Listening to John McPhee

March 13, 2010 § Leave a comment

Brevity’s new managing editor Liz Stephens blogs on John McPhee and the recent/rare interview he granted to the LA Times:

Sitting here at my desk on a writer’s block day, staring out of my window at birds and trying to figure out what to say about birds, I’m struck doubly by John McPhee’s assertion that “you suspend the normal world to reproduce the normal world.” I think this, I think, and then think: John McPhee thinks this. (“You like coffee?” I’d surely wheedle if I met him. “Hey, I like coffee! You like sleeping? No kidding, I…”) It turns out, of course, that the seamless flow of information and the trustworthy tone in his own writing take the effort we all make as writers, unknotting sentence after ugly first-draft sentence.

In his new book of essays, Silk Parachute, John McPhee finally begins to show readers his “fault lines,” Susan Salter Reynolds calls these personal memories, in her review in the New York Times. At age 79, he has begun to open up. What a prize for all of us, in an age of egregious public self-exposure, to have waited so long to know more about any writer than he or she has already told us; especially one who has now guided us through fish spawning, geologic discovery, sports, and through these, often life in general.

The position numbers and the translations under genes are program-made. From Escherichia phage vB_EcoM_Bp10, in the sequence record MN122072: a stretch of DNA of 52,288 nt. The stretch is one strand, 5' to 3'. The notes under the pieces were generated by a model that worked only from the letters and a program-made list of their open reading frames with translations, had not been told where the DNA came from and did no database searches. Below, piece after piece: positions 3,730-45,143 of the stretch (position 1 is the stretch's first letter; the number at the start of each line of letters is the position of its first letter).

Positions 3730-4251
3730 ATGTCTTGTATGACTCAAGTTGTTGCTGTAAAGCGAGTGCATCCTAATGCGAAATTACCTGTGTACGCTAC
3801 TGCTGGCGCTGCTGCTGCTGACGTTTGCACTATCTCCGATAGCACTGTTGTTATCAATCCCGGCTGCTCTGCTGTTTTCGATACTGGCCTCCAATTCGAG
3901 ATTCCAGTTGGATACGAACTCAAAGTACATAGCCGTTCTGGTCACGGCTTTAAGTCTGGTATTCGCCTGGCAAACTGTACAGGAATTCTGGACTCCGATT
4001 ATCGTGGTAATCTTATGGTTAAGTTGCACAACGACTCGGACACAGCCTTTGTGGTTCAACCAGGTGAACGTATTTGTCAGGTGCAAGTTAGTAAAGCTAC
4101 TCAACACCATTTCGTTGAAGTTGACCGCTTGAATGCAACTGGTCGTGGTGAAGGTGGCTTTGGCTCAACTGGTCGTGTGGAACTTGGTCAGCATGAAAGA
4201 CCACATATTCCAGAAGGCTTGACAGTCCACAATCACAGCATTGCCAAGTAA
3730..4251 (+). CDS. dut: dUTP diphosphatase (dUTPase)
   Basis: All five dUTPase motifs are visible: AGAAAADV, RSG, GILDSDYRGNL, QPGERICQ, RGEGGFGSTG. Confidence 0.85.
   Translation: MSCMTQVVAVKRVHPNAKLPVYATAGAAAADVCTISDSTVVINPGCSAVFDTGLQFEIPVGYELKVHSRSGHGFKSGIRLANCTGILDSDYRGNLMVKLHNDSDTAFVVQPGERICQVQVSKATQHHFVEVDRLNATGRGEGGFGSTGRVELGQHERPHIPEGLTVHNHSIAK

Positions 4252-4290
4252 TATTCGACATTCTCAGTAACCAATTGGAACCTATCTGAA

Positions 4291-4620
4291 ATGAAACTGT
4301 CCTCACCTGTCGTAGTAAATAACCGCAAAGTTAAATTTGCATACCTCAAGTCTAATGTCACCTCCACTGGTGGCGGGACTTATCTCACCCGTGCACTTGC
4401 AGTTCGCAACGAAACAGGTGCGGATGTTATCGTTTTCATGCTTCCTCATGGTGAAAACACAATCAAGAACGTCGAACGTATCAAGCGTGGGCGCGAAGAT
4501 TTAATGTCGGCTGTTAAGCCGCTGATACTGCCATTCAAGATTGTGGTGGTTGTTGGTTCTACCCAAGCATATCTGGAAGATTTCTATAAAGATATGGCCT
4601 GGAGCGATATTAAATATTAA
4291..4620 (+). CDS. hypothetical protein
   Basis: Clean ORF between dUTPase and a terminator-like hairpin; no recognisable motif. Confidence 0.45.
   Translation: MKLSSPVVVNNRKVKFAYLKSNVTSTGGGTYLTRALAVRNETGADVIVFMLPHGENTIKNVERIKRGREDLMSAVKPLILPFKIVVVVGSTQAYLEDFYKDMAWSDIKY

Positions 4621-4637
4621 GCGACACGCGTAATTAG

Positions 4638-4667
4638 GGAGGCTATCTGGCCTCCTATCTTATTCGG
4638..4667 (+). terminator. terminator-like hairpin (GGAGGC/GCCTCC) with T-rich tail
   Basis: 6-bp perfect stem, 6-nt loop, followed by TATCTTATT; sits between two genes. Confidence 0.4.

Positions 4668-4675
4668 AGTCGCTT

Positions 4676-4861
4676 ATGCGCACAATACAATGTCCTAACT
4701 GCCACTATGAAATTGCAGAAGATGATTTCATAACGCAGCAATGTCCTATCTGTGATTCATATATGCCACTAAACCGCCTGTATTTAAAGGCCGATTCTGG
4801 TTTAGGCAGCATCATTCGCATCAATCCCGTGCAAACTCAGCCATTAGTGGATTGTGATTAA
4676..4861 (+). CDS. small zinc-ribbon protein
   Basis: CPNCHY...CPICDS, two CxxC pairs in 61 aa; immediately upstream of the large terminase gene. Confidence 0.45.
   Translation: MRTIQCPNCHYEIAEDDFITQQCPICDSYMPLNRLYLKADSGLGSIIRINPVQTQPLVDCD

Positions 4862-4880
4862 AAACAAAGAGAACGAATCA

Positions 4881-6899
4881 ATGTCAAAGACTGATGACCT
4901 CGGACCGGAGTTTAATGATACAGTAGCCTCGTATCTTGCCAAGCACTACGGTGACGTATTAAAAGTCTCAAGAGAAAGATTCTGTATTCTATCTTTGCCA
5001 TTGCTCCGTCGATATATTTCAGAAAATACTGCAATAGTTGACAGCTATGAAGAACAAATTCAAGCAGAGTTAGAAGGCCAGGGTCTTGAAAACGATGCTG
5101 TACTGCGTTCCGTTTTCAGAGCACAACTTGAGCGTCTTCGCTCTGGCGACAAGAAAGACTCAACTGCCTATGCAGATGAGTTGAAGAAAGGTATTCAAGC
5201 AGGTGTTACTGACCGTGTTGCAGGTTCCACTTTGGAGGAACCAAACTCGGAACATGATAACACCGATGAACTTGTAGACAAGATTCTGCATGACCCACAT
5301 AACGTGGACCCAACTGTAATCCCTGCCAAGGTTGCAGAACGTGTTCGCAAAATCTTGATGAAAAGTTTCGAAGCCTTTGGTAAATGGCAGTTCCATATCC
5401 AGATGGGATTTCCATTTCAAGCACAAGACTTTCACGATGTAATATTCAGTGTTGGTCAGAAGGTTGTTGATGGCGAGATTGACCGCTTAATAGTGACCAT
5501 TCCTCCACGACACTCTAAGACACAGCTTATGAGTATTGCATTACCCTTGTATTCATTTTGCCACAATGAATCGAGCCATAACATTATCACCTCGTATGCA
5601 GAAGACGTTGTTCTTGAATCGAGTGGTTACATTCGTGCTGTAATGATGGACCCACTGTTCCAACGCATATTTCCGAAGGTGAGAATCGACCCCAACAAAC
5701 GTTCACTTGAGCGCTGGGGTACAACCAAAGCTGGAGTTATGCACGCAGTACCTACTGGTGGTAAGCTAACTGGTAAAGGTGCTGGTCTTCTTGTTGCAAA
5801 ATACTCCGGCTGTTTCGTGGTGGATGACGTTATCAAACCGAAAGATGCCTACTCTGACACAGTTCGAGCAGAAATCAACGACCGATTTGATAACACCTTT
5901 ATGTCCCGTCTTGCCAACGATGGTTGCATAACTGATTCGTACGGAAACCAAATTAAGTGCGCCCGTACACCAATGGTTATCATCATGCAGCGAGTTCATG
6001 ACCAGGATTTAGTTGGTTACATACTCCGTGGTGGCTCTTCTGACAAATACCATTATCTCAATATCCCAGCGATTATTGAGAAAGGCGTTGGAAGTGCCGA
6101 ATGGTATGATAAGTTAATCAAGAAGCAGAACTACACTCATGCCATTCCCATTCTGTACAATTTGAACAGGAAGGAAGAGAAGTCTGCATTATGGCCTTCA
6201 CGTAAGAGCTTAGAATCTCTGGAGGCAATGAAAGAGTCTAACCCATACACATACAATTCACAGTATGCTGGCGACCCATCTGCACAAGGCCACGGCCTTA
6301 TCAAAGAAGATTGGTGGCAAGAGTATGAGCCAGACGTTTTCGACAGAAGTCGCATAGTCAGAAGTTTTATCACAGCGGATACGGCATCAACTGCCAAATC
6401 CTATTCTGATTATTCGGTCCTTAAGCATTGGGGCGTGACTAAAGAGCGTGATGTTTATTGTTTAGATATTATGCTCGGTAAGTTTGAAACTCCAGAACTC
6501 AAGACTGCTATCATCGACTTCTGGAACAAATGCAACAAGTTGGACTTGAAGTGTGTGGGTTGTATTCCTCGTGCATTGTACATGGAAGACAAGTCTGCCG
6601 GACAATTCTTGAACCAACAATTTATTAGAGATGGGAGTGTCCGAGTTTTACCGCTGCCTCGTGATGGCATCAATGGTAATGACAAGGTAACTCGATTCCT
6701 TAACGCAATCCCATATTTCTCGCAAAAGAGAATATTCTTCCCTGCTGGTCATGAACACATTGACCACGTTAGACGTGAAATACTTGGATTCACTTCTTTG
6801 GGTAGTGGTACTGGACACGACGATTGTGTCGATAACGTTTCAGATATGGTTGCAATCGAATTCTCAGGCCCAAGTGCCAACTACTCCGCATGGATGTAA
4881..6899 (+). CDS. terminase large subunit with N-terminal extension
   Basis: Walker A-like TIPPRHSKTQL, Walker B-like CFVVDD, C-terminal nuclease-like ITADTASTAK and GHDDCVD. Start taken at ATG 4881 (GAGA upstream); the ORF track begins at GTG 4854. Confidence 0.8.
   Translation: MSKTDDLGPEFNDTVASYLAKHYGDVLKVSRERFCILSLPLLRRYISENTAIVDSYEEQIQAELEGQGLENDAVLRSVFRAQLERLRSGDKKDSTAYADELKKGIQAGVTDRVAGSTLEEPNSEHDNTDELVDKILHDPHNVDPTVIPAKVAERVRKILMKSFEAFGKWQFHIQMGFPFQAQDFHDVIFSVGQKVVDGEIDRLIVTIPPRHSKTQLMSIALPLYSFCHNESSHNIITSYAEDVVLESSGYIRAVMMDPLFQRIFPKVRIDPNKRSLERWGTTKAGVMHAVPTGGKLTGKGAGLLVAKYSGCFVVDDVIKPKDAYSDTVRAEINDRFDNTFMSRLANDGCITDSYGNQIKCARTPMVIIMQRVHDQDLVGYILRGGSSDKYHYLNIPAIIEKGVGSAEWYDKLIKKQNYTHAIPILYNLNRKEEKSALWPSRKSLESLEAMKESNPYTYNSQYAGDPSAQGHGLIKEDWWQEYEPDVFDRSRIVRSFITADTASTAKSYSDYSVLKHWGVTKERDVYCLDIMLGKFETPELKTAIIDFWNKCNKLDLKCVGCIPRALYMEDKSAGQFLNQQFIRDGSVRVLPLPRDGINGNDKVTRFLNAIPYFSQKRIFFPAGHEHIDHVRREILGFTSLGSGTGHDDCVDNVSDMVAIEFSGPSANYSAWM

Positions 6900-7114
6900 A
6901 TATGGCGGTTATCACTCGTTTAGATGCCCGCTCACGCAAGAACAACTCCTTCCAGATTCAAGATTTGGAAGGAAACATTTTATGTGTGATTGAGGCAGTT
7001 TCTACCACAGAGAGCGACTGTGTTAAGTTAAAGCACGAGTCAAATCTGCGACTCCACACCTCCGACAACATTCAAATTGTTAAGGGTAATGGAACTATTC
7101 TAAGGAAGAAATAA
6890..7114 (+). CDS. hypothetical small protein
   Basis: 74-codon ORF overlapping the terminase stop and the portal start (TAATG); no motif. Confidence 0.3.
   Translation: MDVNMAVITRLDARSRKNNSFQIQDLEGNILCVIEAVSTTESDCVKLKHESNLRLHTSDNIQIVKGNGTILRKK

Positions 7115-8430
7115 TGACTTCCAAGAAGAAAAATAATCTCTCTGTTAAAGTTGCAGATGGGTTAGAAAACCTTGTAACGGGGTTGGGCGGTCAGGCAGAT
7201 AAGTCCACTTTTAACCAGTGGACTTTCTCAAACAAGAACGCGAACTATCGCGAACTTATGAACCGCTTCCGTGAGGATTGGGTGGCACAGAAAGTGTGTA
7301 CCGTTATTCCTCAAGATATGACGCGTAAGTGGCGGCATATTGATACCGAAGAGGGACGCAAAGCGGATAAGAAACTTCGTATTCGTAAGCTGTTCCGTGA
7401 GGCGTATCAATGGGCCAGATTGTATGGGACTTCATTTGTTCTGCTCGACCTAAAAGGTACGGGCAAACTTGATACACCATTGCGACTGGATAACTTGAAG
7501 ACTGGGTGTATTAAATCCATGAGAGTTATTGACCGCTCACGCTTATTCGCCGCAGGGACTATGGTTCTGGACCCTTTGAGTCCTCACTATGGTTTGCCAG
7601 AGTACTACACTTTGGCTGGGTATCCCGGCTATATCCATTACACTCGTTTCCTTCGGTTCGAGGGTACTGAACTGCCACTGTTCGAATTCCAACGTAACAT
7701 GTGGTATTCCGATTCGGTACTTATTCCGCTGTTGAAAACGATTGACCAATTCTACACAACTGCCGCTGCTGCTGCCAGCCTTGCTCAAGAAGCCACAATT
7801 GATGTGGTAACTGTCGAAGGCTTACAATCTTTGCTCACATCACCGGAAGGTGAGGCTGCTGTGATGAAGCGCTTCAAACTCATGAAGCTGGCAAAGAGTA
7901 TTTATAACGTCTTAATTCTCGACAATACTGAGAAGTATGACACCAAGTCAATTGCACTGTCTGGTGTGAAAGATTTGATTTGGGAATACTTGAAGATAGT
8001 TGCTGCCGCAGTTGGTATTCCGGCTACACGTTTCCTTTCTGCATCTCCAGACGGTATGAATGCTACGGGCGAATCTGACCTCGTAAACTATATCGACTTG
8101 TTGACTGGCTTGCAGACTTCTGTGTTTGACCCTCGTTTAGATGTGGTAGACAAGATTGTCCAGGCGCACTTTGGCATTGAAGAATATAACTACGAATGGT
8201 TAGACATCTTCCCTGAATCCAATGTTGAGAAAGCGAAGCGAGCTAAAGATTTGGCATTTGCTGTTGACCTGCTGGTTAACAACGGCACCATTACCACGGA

Finally we get tools from the man himself. McPhee, Salter Reynolds tells readers, “writes three or four drafts of each piece, spending about two years on the first draft, four months on the second, one month on the third and one week on the fourth.” Also, as a researcher, he writes it all down as he goes. Also (and we love this conversation at Brevity), he believes there’s a “high priority on getting the facts straight. “ ‘People say the line is blurred,’” Salter Reynolds quotes him as saying. “But a fact is either checkable or it isn’t.”

For myself, I’m inspired. Some people, let’s be honest, I don’t care so much when they tell me about themselves. I hear a lot nowadays about people’s childhoods, and their troubles, and their opinions, without knowing immediately why I should value their particular selves over anyone else’s. They have to earn that, whether via rarity or distinct voice or sheer will shining through in their writing. Usually, I’d rather read about fish spawning and let the mystery of the writer simmer underneath the prose a bit. John McPhee, I already trust. I already look up to. He’s told me some things that were right. I’m listening.

— Liz Stephens

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